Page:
English Edition, translated by Henry Wadsworth Longfellow

1   EVEN as a bird, ‘mid the beloved leaves,
2   Quiet upon the nest of her sweet brood
3   Throughout the night, that hideth all things from us,
4   Who, that she may behold their longed-for looks
5   And find the food wherewith to nourish them,
6   In which, to her, grave labours grateful are,
7   Anticipates the time on open spray
8   And with an ardent longing waits the sun,
9   Gazing intent as soon as breaks the dawn:
10   Even thus my Lady standing was, erect
11   And vigilant, turned round towards the zone
12   Underneath which the sun displays less haste;
13   So that beholding her distraught and wistful,
14   Such I became as he is who desiring
15   For something yearns, and hoping is appeased.
16   But brief the space from one When to the other;
17   Of my awaiting, say I, and the seeing
18   The welkin grow resplendent more and more.
19   And Beatrice exclaimed: Behold the hosts
20   Of Christ’s triumphal march, and all the fruit
21   Harvested by the rolling of these spheres!
22   It seemed to me her face was all aflame;
23   And eyes she had so full of ecstasy
24   That I must needs pass on without describing.
25   As when in nights serene of the full moon
26   Smiles Trivia among the nymphs eternal
27   Who paint the firmament through all its gulfs,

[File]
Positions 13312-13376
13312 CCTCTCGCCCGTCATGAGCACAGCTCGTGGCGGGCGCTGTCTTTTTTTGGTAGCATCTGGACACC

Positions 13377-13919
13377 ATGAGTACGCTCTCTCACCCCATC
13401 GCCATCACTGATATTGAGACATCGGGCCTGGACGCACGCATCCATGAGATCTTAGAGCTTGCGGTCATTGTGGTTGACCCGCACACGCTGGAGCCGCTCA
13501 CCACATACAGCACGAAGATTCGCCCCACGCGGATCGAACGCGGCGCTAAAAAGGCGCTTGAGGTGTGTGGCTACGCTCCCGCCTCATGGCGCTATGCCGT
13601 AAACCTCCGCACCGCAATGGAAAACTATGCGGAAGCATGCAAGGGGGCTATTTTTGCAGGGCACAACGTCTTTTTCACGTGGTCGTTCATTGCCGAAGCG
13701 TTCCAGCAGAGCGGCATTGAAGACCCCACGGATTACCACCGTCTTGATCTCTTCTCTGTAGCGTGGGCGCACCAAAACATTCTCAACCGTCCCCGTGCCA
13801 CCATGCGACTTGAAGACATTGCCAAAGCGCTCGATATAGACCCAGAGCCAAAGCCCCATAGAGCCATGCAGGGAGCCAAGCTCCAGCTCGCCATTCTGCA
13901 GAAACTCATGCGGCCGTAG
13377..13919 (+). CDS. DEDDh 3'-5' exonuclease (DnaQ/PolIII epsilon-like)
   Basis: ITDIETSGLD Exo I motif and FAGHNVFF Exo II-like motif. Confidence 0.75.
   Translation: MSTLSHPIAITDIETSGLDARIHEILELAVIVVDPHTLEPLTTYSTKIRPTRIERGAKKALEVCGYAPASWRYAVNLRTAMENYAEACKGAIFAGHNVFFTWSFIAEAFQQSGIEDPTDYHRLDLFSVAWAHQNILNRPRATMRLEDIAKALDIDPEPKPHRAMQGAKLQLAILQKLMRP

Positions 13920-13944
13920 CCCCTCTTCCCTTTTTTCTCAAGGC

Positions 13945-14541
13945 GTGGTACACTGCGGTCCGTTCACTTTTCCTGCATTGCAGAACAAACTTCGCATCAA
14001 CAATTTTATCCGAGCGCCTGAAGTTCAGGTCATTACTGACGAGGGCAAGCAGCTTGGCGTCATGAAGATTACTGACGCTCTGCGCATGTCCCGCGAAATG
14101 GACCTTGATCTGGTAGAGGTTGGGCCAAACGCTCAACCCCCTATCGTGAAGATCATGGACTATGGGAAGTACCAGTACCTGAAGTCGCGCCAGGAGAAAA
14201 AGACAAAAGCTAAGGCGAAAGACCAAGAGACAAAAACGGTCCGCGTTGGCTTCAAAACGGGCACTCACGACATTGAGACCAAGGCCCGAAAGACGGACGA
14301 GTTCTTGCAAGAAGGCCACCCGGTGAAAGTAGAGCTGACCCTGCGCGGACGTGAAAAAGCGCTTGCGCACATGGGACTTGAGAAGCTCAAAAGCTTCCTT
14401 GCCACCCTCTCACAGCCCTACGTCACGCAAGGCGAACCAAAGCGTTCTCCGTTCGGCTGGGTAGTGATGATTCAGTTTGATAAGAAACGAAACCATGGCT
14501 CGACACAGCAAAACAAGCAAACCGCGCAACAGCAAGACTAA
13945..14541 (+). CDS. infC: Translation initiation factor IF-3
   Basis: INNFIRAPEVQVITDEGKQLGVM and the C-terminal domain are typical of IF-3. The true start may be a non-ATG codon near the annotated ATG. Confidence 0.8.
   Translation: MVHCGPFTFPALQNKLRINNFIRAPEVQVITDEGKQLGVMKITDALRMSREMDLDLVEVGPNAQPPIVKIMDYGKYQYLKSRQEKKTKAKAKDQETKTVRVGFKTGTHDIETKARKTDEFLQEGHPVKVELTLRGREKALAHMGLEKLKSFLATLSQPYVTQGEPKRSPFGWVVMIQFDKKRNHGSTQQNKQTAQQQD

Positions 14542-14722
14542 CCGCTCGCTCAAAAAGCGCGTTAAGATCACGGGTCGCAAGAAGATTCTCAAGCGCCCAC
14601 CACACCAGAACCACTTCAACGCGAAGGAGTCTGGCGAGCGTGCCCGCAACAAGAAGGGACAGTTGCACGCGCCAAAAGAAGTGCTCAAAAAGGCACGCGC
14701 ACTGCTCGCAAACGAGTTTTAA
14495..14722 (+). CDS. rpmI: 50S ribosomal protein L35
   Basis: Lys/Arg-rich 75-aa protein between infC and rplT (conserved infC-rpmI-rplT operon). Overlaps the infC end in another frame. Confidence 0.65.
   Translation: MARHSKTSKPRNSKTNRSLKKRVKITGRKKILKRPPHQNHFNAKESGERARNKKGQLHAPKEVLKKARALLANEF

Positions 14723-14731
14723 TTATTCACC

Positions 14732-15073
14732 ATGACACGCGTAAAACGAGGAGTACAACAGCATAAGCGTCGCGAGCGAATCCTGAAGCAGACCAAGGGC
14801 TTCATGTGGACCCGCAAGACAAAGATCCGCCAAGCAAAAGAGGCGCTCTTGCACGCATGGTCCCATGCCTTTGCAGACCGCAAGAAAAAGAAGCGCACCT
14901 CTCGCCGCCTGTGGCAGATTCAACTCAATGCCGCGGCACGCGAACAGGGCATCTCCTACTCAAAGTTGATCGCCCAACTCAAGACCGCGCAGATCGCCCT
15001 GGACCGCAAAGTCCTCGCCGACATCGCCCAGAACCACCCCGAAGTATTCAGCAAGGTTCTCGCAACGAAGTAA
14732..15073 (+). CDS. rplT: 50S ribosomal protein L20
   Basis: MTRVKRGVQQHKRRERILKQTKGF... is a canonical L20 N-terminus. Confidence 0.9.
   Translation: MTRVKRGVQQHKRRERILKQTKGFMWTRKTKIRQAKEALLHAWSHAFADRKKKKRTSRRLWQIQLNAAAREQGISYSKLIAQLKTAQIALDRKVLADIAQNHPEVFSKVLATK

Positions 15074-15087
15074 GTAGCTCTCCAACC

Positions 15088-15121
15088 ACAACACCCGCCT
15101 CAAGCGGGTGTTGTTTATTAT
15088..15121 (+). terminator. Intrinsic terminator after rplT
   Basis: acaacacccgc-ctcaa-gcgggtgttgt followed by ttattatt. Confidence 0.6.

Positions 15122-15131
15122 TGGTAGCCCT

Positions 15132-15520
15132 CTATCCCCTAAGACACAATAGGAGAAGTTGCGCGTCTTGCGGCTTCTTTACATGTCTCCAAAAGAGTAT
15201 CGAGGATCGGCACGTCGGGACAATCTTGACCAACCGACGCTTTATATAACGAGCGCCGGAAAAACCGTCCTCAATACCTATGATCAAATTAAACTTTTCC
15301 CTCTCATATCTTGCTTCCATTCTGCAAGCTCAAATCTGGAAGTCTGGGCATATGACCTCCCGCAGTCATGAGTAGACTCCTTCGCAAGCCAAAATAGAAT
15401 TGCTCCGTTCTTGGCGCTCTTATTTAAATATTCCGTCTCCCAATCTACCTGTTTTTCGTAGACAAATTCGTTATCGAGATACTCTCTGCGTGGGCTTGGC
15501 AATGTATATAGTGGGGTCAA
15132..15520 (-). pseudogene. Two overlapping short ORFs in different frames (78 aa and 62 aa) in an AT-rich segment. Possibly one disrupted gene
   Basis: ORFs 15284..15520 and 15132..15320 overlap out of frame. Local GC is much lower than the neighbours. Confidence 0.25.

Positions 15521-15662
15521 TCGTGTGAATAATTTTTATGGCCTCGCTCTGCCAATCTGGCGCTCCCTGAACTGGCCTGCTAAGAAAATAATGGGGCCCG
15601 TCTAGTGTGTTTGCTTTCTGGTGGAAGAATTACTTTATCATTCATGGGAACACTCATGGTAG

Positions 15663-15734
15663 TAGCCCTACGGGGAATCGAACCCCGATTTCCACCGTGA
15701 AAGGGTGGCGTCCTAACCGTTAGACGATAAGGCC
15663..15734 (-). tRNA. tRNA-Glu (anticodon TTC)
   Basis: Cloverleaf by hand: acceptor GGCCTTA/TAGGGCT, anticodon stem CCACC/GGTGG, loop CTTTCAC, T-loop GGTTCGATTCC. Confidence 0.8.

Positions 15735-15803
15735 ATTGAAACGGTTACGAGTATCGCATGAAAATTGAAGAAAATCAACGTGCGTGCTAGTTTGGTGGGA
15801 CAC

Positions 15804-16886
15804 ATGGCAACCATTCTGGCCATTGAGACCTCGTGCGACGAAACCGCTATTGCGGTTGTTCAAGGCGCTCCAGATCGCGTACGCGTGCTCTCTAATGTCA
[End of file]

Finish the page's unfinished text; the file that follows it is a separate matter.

28   Saw I, above the myriads of lamps,
29   A Sun that one and all of them enkindled,
30   E’en as our own doth the supernal sights,
31   And through the living light transparent shone
32   ‘The lucent substance so intensely clear
33   Into my sight, that I sustained it not.
34   O Beatrice,thou gentle guide and dear!
35   To me she said: What overmasters thee
36   A virtue is from which naught shields itself
37   There are the wisdom and the omnipotence
38   That oped the thoroughfares ‘twixt heaven and earth,
39   For which there erst had been so long a yearning.
40   As fire from out a cloud unlocks itself,
41   Dilating so it finds not room therein,
42   And down, against its nature, falls to earth,
43   So did my mind, among those aliments
44   Becoming larger, issue from itself,
45   And that which it became cannot remember.
46   Open thine eyes, and look at what I am:
47   Thou hast beheld such things, that strong enough
48   Hast thou become to tolerate my smile.
49   I was as one who still retains the feeling
50   Of a forgotten vision, and endeavours
51   In vain to bring it back into his mind,
52   Then I this invitation heard, deserving
53   Of so much gratitude, it never fades
54   out of the book that chronicles the past.
55   If at this moment sounded all the tongues
56   I hat Polyhymnia and her sisters made
57   Most lubrical with their delicious milk,
58   To aid me, to a thousandth of the truth
59   It would not reach, singing the holy smile
60   And how the holy aspect it illumed.
61   And therefore, representing Paradise,
62   The sacred poem must perforce leap over,
63   Even as a man who finds his way cut off;
64   But whoso thinketh of the ponderous theme,
65   And of the mortal shoulder laden with it
66   Should blame it not, if under this it tremble.
67   It is no passage for a little boat
68   This which goes cleaving the audacious prow,
69   Nor for a pilot who would spare himself.
70   Why doth my face so much enamour thee,